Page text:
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SH Archive One-legged skeleton found under Russian dance floor is Napoleon's 'lost general', Charles Etienne Gudin

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2019-11-06 19:33:30
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Aug 26, 2020
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United Kingdom
Who is this guy?

'More than 200 years after he died of his battlefield wounds in Russia, one of Napoleon Bonaparte’s favourite generals has been formally identified thanks to DNA tests on a one-legged skeleton found under a dance floor....'

Just like that, eh?

'His heirs are now calling for him to receive a state funeral in his native France '

Do it, lets see if they repeat this? Funeral

'Charles Etienne Gudin, whose name is inscribed on the Arc de Triomphe in Paris, died aged 44 on August 22, 1812, after being hit by a cannon ball during Napoleon’s unsuccessful invasion of Russia.

Gudin was personally known to and respected by Napoleon. A bust of his likeness resides in the Palace of Versailles, and a Paris street bears his name.

After his death his heart was cut out and carried to Paris to be placed in a chapel in the French capital’s Père Lachaise cemetery but the precise location of the rest of his body was unknown.

Then in July, a team of French and Russian archaeologists said they unearthed what they believed to be Gudin’s missing remains during a dig in the Russian city of Smolensk, 250 miles west of Moscow'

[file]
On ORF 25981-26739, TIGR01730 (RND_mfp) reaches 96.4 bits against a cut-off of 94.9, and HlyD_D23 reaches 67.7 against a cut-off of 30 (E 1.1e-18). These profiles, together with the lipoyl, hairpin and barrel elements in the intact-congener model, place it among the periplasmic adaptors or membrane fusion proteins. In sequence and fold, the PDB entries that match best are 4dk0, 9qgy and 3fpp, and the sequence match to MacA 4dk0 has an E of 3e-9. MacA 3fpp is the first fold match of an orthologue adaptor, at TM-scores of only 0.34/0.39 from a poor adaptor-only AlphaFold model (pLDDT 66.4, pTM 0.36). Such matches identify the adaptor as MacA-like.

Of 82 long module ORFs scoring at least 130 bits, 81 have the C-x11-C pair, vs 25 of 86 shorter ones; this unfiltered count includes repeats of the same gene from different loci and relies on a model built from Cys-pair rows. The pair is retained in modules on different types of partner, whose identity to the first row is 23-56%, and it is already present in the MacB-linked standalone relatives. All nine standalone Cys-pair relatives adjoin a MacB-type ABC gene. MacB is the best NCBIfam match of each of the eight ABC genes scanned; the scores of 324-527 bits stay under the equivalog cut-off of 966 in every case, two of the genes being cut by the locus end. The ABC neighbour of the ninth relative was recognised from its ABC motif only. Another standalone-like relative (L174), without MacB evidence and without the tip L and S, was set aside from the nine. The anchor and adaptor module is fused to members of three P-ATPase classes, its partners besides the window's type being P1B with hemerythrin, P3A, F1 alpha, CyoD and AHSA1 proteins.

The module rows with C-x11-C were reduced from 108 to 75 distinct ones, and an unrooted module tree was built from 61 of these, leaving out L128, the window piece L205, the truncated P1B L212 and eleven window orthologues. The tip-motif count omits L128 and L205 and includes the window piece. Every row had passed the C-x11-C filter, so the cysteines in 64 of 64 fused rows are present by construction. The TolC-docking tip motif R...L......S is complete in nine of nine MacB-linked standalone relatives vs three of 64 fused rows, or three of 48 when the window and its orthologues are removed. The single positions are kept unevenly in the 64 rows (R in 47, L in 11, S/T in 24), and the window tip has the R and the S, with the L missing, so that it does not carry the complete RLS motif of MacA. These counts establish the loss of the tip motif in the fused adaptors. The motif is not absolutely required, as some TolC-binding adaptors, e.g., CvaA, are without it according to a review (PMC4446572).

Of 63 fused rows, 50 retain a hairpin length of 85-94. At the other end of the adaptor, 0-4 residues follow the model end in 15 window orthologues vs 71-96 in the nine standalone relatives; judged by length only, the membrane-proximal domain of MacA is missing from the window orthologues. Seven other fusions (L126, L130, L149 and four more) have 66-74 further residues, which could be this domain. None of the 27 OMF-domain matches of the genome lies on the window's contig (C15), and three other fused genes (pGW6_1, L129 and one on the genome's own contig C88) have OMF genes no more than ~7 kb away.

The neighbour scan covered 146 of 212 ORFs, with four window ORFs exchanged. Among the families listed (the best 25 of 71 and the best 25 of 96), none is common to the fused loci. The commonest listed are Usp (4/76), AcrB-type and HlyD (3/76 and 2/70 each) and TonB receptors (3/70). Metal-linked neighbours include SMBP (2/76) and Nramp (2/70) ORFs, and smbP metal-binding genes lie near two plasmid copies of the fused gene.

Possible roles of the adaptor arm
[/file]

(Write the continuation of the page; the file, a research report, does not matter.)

As you do...

'Records from the period indicate that Gudin was seriously wounded in the Battle of Valutino near Smolensk, close to the border with Belarus, in which 7,000 French perished.

His leg was amputated and he died three days later from gangrene.

The search for his remains began in May, funded by a Franco-Russian group headed by Pierre Malinowski, a historian and former soldier with ties to the French far-right and support from the Kremlin.

The team was confident that the skeleton they found belonged to Gudin but to dispel any doubt sent samples for genetic cross-analysis with DNA from the general's descendants'


“I came back with to France with a piece of femur and teeth,” said Mr Malinowski. He handed them over to an expert in Marseille, southern France, who compared them with remains of Gudin’s brother and sister from the family crypt at Saint-Maurice-sur-Aveyron in the Loiret, central France.

The brother had also been a general of Napoleon.

“The DNA fits 100 per cent,” Mr Malinowski told France Bleu. “There is no longer any doubt.”

"This is the greatest day of my life. Napoleon was one of the last people to see him alive which is very important, and he’s the first general from the Napoleonic period that we have found."

Love this bit...

According to Mr Malinowski, President Vladimir Putin of Russia has taken a personal interest in the case and offered to fly the remains to France. Emmanuel Macron, the French president, was also aware of the discovery.

“Both presidents are enthusiastic” he said, adding that he hoped for a joint ceremony in the general’s honour.

"It will help to bring France and Russia closer together."

Gudin is said to have been one of Napoleon's favourite generals and the two men attended military school together'


Whats the real story here folks?
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